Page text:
When you aren't playing golf, the resort offers complimentary cruises on the 280-square mile lake, tennis, kayaking and a full service spa. It's an easy hour drive up the 404 from Toronto to Jackson's Point, and even Buffalo, Detroit and Rochester are within reasonable road-trip range. 


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Deal of the Week: Explore golf on one of the best of Minnesota's 10,000 lakes

Gull Lake in Central Minnesota is one of those places in-state visitors hope nobody ever hears about. 

The Brainerd area has been a go-to summer vacation spot for the rest of the state for nearly 100 years. Gull Lake's 38 miles of shoreline are lined with a dozen resorts and hotels of various sizes. Two of the biggest, Madden's and Cragun's, each have a variety of courses that take advantage of the lakefront, hills and mature trees. 


At Madden's, you can pick from the championship-length Classic, the sportier Pine Beach East and Pine Beach West, and the beginner-friendly Social 9. All are meticulously maintained, and better yet, they all offer a different kind of challenge -- from the Classic's broad-shouldered, PGA Tour-style looks to the East's 1930s-era charm. 


At Cragun's, Robert Trent Jones Jr. designed the Dutch Legacy and Bobby's Legacy 18s with distinctly different feels. The five-star Dutch has a collection of fierce 450-yard-plus par-4s, while the Legacy offers a more charitable experience for players who don't carry the ball quite so far. 

July and August are prime time in Minnesota, with no-humidity days in the low 80s and nights in the 60s. You can still find some good golf package rates at either place -- or book a trip that combines the best of both. The two properties sit about two miles apart on the southern tip of Gull Lake -- 150 miles north of Minneapolis-St. Paul. 

The Madden's Classic Deluxe package offers a round on the Classic and any of the other resort courses, lodging and breakfast for two for about $520 per night in a deluxe king room. An equivalent package at Cragun's -- two weekend nights with two rounds of golf, plus breakfast and dinner -- is $359. 


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Deal of the Week: Play unlimited golf at Donald Ross' New Hampshire masterpiece

Summer takes longer to get to New Hampshire than most places, but when it does, there are few better places to be. 

Right now, you can take advantage of the intersection of spring and summer and get great weather and pre-season deals. The Omni Mt. Washington Resort in Bretton Woods is New Hampshire's largest luxury property, and it features one of the oldest courses in the state -- Donald Ross' Mount Washington layout.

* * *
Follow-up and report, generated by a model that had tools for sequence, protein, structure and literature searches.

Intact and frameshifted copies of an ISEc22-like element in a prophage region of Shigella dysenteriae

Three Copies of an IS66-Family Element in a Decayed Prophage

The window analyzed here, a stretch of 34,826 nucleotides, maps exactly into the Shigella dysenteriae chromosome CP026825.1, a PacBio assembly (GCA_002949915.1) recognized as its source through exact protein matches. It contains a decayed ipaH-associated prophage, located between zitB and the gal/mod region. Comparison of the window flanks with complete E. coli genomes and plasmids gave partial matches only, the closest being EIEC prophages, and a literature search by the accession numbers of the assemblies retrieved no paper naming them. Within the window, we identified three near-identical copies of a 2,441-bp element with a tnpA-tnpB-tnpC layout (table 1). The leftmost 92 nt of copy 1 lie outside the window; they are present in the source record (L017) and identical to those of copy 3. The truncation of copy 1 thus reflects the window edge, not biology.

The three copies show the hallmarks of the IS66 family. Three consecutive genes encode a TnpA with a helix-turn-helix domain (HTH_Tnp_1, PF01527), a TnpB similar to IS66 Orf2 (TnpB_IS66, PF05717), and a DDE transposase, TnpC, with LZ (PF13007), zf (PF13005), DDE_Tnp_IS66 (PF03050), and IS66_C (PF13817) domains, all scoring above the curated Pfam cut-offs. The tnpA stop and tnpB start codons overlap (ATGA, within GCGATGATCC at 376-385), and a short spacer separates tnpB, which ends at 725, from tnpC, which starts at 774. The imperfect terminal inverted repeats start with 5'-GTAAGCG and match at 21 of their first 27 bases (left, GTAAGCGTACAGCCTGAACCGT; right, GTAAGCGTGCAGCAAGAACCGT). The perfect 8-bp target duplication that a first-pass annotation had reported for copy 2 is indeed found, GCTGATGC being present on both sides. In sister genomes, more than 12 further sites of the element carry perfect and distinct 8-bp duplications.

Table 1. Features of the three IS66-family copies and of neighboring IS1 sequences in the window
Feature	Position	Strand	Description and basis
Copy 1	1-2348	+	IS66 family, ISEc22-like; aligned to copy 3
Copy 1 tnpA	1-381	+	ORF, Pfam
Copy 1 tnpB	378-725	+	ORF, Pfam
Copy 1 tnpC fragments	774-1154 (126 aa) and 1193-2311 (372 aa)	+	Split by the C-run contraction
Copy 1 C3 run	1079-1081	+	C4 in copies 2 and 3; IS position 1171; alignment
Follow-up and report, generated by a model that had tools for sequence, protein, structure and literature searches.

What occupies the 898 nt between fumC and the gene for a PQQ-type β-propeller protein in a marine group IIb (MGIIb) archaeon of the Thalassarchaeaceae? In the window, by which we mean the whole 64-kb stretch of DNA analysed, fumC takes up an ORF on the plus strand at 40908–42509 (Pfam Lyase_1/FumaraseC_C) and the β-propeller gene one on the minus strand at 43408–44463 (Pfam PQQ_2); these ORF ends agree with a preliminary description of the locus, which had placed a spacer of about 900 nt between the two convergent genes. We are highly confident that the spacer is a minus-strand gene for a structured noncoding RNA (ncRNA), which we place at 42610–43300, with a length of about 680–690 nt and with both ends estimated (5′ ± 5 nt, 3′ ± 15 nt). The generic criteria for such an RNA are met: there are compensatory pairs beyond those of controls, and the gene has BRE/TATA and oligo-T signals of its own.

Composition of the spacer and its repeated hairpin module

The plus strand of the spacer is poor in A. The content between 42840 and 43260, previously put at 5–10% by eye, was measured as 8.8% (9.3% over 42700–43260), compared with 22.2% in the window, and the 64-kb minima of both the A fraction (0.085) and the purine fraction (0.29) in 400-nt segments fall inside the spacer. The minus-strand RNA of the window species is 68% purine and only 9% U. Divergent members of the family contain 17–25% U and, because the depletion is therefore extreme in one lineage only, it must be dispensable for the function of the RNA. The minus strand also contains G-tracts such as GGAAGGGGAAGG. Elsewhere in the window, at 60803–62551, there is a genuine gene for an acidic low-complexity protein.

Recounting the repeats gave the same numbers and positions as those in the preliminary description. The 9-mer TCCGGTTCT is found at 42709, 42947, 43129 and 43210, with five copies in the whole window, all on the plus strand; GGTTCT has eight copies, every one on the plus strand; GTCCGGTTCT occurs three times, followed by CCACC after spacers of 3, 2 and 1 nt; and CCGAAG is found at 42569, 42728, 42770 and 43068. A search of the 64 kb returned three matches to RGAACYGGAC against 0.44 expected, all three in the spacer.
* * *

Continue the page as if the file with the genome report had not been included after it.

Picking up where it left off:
Until June 31, you can book an unlimited golf package for two that includes a room in the townhomes on the property, unlimited golf on both the Ross 18 and the Mount Pleasant Course and full breakfast each morning for $497 per night. 

If all you want to do is play, you can out this weekend for $79 before 1 p.m., and $69 after. Starting July 1, those rates go up to $99 and $79, but you can also book an unlimited golf day for $129. 

The Ross course has one of New Hampshire's finest pedigrees. Opened in 1915, it has played host to numerous state and regional tournaments, and is widely considered the best course in the state. Brian Silva supervised a sympathetic renovation in 2007, restoring it to Ross' original specifications. But unlike many Ross designs, Mount Washington doesn't play to 1920s yardage. You'll need everything in your bag from the 7,000-yard back tees. 

The resort itself opened in 1902, and it retains the class and charm that made it one of the premier properties in the country when it opened. It sits in the middle of the White Mountain National Forest, and features a 25,000-sqft spa, conference center and a host of food options -- including The Cave, an underground bar that operated as a speakeasy during Prohibition. 

Bretton Woods is located in North Central New Hampshire, 160 miles north of Boston. It is a world class road trip from anywhere in the Northeast, with gorgeous mountain and lake views. The closest big airport is in Manchester, N.H., 100 miles south, which operates as a regional Boston hub. That means you can easily get direct flights in from Atlanta, Detroit, Baltimore, Chicago, Orlando and New York City. 


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Deal of the Week: Don't just watch the golf in Washington state next week

All eyes will be on the Seattle-Tacoma area and Chambers Bay for the U.S. Open this week, and if you're lucky enough to be attending, your dance card is probably pretty full. 

But if you decide to take the sticks and try to wedge in 18 on one of the tournament days, you're making a wise decision. The wild topography and mild weather that help make Chambers Bay so special also gives it some fantastic public course neighbors. 

Gold Mountain Golf Club in Bremerton is 30 miles north of the U.S. Open venue, and doesn't share the same advantageous position right on the water. But the two courses that make up the property are both among the strongest in the Pacific Northwest.


The John Harbottle-designed Olympic Course opened in 1996, and has hosted the USGA twice before, for the Junior Amateur and Amateur Public Links. The Ken Tyson-designed Cascade Course is the original one on the property, from 1971, and offers a spectacular trip through mature stands of fir trees. 

The club normally runs a cross-promotion with Chambers Bay that lets you play all three courses over two days, but the tee times at Chambers are otherwise detained. You can still book the 36-hole special, though -- 18 holes at the Olympic and Cascade for $150. The regular green fee is $100 for each round. 

Bremerton isn't a bad jumping off point for a last minute Open trip, either. You can still find hotel rooms there in the $100-$200 range per night during the week, and you'll be shuttling down to Chambers Bay in a different direction than all of the Seattle-Tacoma traffic. 


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Deal of the Week: Tee it up in Larry Bird's neck of the woods


The town of French Lick, Indiana never got more attention than it did when native son Larry Bird was in his prime. 

The "Hick from French Lick" retired from the Boston Celtics in 1992, and now has a lower-profile role as the Indiana Pacers team president, working 100 miles north in Indianapolis.